Diners and delis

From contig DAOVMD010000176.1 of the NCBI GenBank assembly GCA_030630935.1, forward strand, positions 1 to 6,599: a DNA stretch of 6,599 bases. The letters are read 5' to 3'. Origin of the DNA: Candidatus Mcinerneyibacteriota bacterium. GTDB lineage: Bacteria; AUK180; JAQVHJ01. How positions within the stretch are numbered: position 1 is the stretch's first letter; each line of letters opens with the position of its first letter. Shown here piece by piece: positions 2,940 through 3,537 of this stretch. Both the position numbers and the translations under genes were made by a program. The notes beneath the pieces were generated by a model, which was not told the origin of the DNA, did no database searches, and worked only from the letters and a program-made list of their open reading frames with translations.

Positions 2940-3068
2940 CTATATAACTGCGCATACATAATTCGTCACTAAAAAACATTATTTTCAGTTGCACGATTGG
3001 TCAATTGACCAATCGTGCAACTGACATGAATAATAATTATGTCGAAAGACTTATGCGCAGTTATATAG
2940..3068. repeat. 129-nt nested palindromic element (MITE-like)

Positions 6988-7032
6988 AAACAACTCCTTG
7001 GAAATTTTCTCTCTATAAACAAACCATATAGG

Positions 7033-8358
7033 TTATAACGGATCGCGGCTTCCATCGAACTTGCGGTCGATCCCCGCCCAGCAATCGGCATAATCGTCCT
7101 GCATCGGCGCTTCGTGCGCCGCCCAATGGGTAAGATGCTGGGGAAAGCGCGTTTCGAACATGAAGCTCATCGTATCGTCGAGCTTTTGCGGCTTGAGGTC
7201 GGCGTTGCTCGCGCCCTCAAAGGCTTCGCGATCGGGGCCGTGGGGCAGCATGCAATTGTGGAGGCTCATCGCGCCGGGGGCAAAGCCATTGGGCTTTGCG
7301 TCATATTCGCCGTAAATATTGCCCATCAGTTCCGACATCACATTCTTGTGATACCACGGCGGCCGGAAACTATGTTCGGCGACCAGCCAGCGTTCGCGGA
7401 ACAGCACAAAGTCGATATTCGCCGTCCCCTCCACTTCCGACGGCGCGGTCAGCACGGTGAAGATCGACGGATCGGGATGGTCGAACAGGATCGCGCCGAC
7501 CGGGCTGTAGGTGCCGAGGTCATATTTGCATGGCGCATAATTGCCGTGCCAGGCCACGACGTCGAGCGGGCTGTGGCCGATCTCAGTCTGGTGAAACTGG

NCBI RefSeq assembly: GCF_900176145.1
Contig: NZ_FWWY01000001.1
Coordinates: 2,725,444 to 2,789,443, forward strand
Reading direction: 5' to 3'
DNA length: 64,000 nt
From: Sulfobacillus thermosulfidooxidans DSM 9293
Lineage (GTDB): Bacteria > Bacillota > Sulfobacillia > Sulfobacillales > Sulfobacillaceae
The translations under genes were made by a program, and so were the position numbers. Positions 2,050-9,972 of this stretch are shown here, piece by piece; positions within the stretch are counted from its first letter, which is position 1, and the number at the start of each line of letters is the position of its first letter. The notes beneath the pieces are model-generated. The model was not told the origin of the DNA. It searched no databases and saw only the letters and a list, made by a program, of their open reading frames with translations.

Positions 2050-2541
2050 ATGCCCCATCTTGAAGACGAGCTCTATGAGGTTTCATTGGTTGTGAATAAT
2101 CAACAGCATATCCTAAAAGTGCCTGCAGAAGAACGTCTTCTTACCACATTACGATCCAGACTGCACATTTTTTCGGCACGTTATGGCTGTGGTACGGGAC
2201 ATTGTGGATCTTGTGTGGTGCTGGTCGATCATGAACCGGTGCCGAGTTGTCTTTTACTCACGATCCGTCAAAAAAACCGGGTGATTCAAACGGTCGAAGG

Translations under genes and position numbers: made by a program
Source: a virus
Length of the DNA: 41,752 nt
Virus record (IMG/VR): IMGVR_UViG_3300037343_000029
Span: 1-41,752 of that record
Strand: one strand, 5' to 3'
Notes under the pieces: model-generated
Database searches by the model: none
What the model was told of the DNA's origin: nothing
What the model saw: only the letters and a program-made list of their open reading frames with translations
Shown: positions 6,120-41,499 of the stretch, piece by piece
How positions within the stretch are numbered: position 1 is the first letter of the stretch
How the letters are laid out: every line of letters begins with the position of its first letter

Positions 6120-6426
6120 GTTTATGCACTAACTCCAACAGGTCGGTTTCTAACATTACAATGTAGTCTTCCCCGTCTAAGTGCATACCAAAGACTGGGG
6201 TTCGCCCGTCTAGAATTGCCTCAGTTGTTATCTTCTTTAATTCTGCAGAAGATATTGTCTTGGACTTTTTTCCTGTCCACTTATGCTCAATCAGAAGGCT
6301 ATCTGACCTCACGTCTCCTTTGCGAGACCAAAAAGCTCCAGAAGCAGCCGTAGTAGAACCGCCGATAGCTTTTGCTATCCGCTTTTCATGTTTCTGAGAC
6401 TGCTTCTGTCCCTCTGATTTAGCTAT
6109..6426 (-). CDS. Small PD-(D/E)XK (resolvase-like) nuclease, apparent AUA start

The last blue plate specials may have been served quite a while ago at some of these diners but they were beloved in their day.  Wolfie’s, a Miami Beach landmark for a half-century,  served a slew of famous — and infamous — patrons. Meyer Lansky, Muhammad Ali, Deion Sanders and Liza Minnelli enjoyed the overstuffed pastrami sandwiches and giant slices of  “world famous” cheesecake. Restaranteur Wolfie Cohen also opened Rascal House in 1954. A dining staple at Collins Avenue and 172nd Street — which outlived legendary delis like Pumperniks, Wolfie’s and Corky’s — it closed in 2008. And it’s been 32 years since the Concord Cafeteria served its last $3.69 luncheon special, but in its glory days, the 250-seat cafeteria served performers like Rudy Vallee. It also survived arson: In 1973,  Bal Harbour resident Charles Reardon walked into the  cafeteria,  threw gas on the floor  and lit a match. A blaze erupted,  killing three elderly people and injuring 131 others. Another well-known eatery that is still open, Lester’s Diner in Ft. Lauderdale, opened in 1967 and became known for its 14-ounce “bowl” of coffee.  And you’ll find the S&S Diner along a nondescript stretch of Northeast Second Avenue, south of the Design District and north of the Omni. Established in 1938 and boasting an 18-seat, horseshoe-shaped counter, the diner draws all types – bankers, yacht salesmen, fire rescue workers and lawyers.

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